San Joaquin Church, San Joaquin, Iloilo, Philippines


The San Joaquin Parish Church (Spanish: Iglesia Parroquial de San Joaquin), commonly known as San Joaquin Church, is a Roman Catholic Church in the municipality of San Joaquin, Iloilo, Philippines within the jurisdiction of the Roman Catholic Archdiocese of Jaro. It is largely known for its pediment featuring a military scene, the Spanish victory over the Moors in the Battle of Tétouan. The church was declared a National Cultural Treasure by the National Museum of the Philippines.

Built during the Spanish era in the late 1800s, the church of San Joaquin in Poblacion has become Iloilo’s symbol of the victory of good over evil. San Joaquin Church was erected with the help of famous sculptors, skilled masons, and celebrated craftsmen and painters from Mexico and Spain. When Friar Thomas Santaren, who was the town’s parish priest at the time of the church’s construction, heard about the victory of the Spanish, he instructed the workers to create a bas-relief version of the Battle of Tetouan. The mural was called Rendicion de Tetuan and shows military scenes between the Spanish army and the Morrocans.

San Joaquin Church was declared a national shrine in September 1977. The militaristic design drew admiration and visitors from all over the country. The church was later proclaimed as one of the Cultural Heritage Churches of the Philippines by the National Historical Institute in November 2001.

The construction of San Joaquin Church was completed in 1869 during the Spanish colonization era by Augustinians. The convent of the San Joaquin Church was left in ruins after the World War II leaving its noted well and kiln which were used for baking. The then National Historical Institute marked the church as a National Historical Site in 1980 pursuant to Presidential Decree No. 260 of 1973 and Presidential Decree No. 375 of 1974. In the 1980s the church structure underwent renovations. The side and back walls and the altar area was reinforced by cement by local priest which according to heritage conservationists caused the loss of the structure’s integrity and authenticity.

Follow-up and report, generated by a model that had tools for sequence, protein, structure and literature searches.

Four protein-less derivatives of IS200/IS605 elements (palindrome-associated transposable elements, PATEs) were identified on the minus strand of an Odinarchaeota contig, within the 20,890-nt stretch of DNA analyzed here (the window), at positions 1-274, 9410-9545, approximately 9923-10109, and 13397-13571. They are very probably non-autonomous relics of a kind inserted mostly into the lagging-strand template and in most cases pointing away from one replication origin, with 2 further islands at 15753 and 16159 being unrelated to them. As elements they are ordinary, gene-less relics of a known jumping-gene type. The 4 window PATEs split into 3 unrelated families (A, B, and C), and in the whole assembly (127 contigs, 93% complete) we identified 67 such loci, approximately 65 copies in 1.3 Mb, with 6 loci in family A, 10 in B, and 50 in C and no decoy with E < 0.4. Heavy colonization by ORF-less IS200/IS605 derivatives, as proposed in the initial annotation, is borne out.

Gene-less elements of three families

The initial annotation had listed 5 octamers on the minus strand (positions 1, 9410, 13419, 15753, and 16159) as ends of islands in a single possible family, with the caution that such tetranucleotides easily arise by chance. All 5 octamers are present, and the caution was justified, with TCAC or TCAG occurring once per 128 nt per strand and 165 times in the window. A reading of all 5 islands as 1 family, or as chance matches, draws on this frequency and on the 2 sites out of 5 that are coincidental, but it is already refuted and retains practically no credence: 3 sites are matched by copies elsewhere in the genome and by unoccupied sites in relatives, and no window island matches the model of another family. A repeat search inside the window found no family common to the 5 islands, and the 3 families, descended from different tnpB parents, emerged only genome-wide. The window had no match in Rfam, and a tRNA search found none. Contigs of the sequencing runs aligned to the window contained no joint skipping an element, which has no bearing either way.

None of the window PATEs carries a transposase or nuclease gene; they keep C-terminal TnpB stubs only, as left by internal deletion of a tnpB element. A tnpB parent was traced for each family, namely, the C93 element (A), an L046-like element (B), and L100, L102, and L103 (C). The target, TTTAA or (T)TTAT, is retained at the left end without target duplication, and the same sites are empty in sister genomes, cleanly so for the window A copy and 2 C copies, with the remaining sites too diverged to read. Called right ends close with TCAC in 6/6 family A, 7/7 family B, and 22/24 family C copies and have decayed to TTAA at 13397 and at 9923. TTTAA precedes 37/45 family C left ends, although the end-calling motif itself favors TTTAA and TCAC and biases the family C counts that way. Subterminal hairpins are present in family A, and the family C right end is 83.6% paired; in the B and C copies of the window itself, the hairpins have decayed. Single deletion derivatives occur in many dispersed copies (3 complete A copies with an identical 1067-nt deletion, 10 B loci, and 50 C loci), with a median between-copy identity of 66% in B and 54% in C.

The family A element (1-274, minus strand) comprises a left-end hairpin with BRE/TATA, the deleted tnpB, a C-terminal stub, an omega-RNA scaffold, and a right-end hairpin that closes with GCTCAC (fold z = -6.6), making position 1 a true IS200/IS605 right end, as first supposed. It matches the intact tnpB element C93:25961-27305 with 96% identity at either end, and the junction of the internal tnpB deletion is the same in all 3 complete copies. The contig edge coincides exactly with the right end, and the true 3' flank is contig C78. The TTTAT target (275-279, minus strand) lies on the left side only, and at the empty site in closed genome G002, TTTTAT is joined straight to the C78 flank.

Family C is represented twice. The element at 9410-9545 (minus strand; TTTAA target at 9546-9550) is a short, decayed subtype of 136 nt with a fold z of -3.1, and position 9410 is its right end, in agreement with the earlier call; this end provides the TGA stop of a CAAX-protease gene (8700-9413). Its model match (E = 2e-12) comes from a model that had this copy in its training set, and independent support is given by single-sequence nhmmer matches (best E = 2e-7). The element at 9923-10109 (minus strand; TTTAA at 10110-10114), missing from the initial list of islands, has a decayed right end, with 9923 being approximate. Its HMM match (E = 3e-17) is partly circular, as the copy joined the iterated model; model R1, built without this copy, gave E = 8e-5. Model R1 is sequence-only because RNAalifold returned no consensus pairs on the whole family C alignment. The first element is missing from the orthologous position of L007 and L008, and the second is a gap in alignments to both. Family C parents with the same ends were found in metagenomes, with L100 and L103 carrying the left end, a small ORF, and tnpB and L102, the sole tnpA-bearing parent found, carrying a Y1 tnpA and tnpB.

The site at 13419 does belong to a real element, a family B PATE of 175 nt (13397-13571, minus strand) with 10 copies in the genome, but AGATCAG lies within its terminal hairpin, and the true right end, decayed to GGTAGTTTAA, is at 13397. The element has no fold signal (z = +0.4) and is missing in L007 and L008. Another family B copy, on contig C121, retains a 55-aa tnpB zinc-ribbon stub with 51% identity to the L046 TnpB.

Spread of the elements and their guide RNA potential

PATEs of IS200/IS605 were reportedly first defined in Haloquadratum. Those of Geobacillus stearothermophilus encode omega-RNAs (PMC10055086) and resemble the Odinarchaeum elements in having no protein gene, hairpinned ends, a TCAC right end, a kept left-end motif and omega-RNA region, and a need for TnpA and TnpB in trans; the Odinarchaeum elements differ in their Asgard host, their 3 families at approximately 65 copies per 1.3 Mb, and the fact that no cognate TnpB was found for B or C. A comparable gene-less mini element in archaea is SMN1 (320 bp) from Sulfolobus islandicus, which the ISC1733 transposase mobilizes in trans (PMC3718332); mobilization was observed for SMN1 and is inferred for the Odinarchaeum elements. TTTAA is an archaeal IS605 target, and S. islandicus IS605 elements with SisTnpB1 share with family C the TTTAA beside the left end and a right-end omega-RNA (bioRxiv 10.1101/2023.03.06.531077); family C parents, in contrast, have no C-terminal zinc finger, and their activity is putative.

The structure was declared a National Cultural Treasure (NCT) by the National Museum of the Philippines (NMP) in 2001. The declaration also covers the convent ruins of the church complex. In 2015, a restoration was accomplished on the church building under the watch of the National Historical Commission of the Philippines but the lime plaster or palitada used to cover the facade chipped off in less than a year which led to heritage conservationists criticizing the national heritage body. Following the declaration of the San Joaquin Campo Santo cemetery as a NCT by the NMP, the heritage organization labels the church complex and the cemetery as the “San Joaquin Church Complex and Campo Santo of San Joaquin, Iloilo”.

Just recently, January 19, 2019, the Parish of San Joaquin celebrated the 150th Anniversary of the Church since 1869, the year the church’s construction was completed during the time of Fray Tomas Santaren, OSA. The parishioners with the priests assigned helped together to re-enhance the interior design of the church and making all ways of restoring the original designs especially of the tabernacle with its gradas and also of the design of the side retablos. All the designs were carefully made so as to reflect the original designs of the church. The church was solemnly dedicated by His Excellency Most Rev. Jose Romeo O. Lazo, DD last January 18, 2019. Adjacent to the church, is the new Adoration Chapel which was blessed on the day of the fiesta celebration last January 19, 2019.

Architecture Style : Baroque

San Joaquin Church occupies a complex that has a vista of the surrounding sea. Among its distinctive sites that are remnants of an old convent are a kiln and a round water well. It is famous for its pediment that is a prominent feature of its facade and famed for portraying in bas relief the Battle of Tetuan in 1861 where the victorious Spaniards fought against the Moroccan army. Its kinetic depiction of military triumph (Spanish forces of cavalry and infantry crushing the Moors) makes it stand out from other colonial churches in the country. In the relief is its title, Rendicion de Tetuan. And on the ridges of the gable is a set of balustrade and five finials.

Below the pediment is a niche flanked by stained glass windows. In the ground level, the entrance is an archway bounded by twin Corinthian columns. These columns are also found in outermost corners. Above the archway is a cartouche in low relief of the Augustinian symbol with two putti. On the entablature one can also find a row of rosettes. A massive bell tower rises in the epistle side of the church’s facade. It is connected to the church at its quadrangular base. The upper two levels are hexagonal in shape pierced with arch openings and capped off with a dome, cupola, and a cross. The church itself does not contain any transepts, thus the nave leads directly to the sanctuary. Buttresses are found along its nave walls.